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What is an RRSP?
A Registered Retirement Savings Plan (RRSP) is a savings plan, registered with the Canadian federal government that you can contribute to for retirement purposes.
When you contribute money to a RRSP, your funds are "tax-advantaged", meaning that they're exempt from being taxed in the year you make the contribution. Any investment income earned from investments held within the RRSP can then grow tax-deferred, as long as the money remains within the RRSP, until it's withdrawn.
RRSP contributions are tax-deductible, meaning that they can be deducted on your current year tax return, potentially reducing the total amount of taxes you pay.
RRSP vs. RSP
RSPs (Retirement Savings Plans) and RRSPs are different names for the same retirement savings plan that is registered with the Federal Government.
RRSPs could help you meet your financial goals
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How do RRSPs work?
You can hold a wide range of investments within an RRSP1, depending on the type of plan, including stocks, bonds, guaranteed investment certificates (GICs), and mutual funds. Investment income earned from these investments, is tax-deferred in the RRSP until you withdraw the funds.
How much you can contribute annually is subject to a maximum contribution amount, known as your RRSP contribution or deduction limit. Your RRSP contribution limit for 2023 is equal to 18% of your 2022 earned income, or $30,780 (whichever is lower) plus previous unused contribution room less any pension adjustments..
For more on RRSP contributions, review our guide on making RRSP contributions.
RRSP Investment Options
You have the flexibility to hold and move your money between a wide range of eligible investments in your RRSP1. These investments may include:
GICs (Guaranteed Investment Certificates): An investment that offers a guaranteed rate of return over a fixed period.
Mutual Funds: An investment fund that pools the money of individual investors and uses it to buy securities such as stocks, bonds or other mutual funds. Unlike most other types of investment funds, mutual funds are “open-ended,” which means as more people invest, the fund issues new units.
Government and Corporate Savings Bonds: investments that work like an IOU (I-Owe-You), wherein investors make loans to a company/government, and usually earn a fixed rate of return.
Securities listed on a designated stock exchange – including individual stocks.
ETFs: An investment fund that holds the same mix of investments as a stock or bond market index and trades on a stock exchange.
At what age am I eligible to contribute to an RRSP?
There's no minimum age required to open an RRSP.
However, some financial institutions may require customers to be the age of majority. You can set up and contribute to an RRSP up to the end of the year you turn 71 as long as you are a Canadian resident, have earned income and file a tax return.
To learn more about contributing to an RRSP, review our RRSP Contribution Rules guide.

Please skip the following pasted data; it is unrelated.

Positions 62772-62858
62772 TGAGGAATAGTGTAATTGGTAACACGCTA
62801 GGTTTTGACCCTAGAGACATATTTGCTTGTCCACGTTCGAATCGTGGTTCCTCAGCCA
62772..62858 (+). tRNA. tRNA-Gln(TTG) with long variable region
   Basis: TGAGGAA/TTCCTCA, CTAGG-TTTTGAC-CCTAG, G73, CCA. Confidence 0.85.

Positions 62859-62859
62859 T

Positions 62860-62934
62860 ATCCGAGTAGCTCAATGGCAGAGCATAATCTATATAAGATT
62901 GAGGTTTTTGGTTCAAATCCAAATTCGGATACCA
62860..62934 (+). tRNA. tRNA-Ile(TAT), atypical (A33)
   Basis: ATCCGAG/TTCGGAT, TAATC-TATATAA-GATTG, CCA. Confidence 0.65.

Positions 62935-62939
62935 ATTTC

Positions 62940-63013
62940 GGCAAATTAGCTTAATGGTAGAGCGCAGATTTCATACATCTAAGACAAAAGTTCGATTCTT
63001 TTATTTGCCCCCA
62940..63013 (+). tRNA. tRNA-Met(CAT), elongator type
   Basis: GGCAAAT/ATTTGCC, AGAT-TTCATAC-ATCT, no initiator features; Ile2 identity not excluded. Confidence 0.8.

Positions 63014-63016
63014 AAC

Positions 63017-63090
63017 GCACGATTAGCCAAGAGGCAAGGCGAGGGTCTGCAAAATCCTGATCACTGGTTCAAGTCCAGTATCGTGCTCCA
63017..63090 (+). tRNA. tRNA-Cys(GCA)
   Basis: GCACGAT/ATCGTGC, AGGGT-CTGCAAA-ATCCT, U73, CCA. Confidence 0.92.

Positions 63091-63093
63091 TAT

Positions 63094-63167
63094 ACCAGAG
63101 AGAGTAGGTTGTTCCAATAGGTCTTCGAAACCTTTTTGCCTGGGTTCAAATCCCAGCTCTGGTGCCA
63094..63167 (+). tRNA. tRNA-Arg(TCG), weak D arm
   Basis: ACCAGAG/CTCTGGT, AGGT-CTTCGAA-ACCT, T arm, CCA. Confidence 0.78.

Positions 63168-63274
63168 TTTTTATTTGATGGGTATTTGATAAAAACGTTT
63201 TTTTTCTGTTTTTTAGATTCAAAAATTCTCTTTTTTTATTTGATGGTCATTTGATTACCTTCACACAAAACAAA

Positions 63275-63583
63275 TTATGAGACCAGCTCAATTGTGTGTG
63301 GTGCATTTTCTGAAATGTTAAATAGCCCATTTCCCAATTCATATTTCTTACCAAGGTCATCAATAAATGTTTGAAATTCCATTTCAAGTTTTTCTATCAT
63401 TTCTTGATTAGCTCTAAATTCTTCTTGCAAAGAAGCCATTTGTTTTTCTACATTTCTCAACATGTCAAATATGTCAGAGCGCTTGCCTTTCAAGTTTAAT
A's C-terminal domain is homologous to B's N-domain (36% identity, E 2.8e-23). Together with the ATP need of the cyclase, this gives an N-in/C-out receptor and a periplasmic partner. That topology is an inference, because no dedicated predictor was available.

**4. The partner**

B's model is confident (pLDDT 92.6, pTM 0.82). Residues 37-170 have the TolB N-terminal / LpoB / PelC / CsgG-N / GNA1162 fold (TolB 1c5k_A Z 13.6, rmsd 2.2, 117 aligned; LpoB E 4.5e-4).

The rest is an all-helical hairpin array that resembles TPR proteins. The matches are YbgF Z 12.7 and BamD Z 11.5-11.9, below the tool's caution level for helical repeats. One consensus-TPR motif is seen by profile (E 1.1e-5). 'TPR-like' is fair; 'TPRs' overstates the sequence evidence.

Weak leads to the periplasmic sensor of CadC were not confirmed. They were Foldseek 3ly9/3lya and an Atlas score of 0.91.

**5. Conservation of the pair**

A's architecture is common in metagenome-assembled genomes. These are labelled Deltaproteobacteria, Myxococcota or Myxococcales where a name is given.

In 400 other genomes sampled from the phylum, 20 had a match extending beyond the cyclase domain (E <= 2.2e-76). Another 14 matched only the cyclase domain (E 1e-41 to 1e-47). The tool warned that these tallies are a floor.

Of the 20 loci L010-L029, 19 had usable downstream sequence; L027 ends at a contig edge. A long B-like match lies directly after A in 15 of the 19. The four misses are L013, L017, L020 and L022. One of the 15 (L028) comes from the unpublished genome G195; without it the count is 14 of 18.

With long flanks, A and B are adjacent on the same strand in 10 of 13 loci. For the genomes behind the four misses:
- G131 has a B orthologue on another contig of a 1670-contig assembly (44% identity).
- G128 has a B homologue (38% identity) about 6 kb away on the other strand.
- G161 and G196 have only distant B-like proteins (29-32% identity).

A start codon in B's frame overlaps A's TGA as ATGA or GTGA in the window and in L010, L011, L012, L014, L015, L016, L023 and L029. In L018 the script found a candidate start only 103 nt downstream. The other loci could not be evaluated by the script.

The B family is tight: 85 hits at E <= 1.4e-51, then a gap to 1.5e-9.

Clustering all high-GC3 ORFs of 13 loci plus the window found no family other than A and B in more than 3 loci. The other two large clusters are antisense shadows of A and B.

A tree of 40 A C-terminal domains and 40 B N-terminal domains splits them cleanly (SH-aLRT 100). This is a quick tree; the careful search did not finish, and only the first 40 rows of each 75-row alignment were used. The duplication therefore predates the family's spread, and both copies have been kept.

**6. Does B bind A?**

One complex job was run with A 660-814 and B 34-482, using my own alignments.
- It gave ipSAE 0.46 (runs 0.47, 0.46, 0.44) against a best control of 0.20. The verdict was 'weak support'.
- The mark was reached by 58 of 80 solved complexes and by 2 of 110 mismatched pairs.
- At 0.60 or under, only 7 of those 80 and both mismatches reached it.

What's the best age to open an RRSP?
This can vary from person to person. Generally, however, the earlier, the better! It's never too early to start investing for retirement. In fact, investing early can potentially help you reap the benefits of tax-deferred compound interest depending on the type of investment you hold.
What are the benefits of investing in an RRSP?
Tax-Deferred Savings: Any investment income earned on investments held within the plan is tax-deferred, as long as it remains in your RRSP.
Tax Deductions: Your RRSP contributions are tax-deductible and may help to reduce the total amount of income tax you pay.
Optimizing Deductions: You can carry forward your unused RRSP contribution room from years of lower income and use it in future years when your income may be higher. This can help you benefit from tax savings when you’re in a higher tax bracket.
Income Splitting: If you earn more than your spouse or common-law partner, contributing to a spousal RRSP may help reduce the total amount of tax you pay.
Financing your First Home or Education: You can withdraw money from your RRSP without being immediately taxed to pay for your first home or education, under the Home Buyers' Plan or Lifelong Learning Plan (LLP)2.
When can I withdraw my money?
You can make a withdrawal from your RRSP any time3 as long as your funds are not in a locked-in plan, but withdrawals will generally be included in your income and subject to tax in the year of withdrawal.
Usually, a portion of the withdrawal will be withheld and remitted to the government as a prepayment of the income tax you will owe for the year.
Depending on the amount of taxable income you're earning in the year of withdrawal, it may be beneficial to put off making withdrawals until a year in which your taxable income will be lower.
In addition, unlike withdrawals from a tax-free savings account (TFSA), withdrawals from an RRSP are not added back to your contribution room in the year following the withdrawal.
To learn more about withdrawing from an RRSP, review our RRSP Withdrawal Rules guide.
How long can my RRSP stay open?
You are not allowed to own an RRSP past December 31 of the calendar year you turn 71.
At that point, you’ll have to withdraw funds from the RRSP as a lump sum, transfer its contents to a Registered Retirement Income Fund or purchase an annuity.
When is the RRSP contribution deadline for 2023?
The RRSP contribution deadline for the 2023 tax year is March 1, 2024. For key RRSP Contribution dates, review our RRSP Deadline guide.
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1 Depending on the type of plan.
2 Subject to eligibility and conditions.
3 Subject to any restrictions on the investments held.
Ways to Apply
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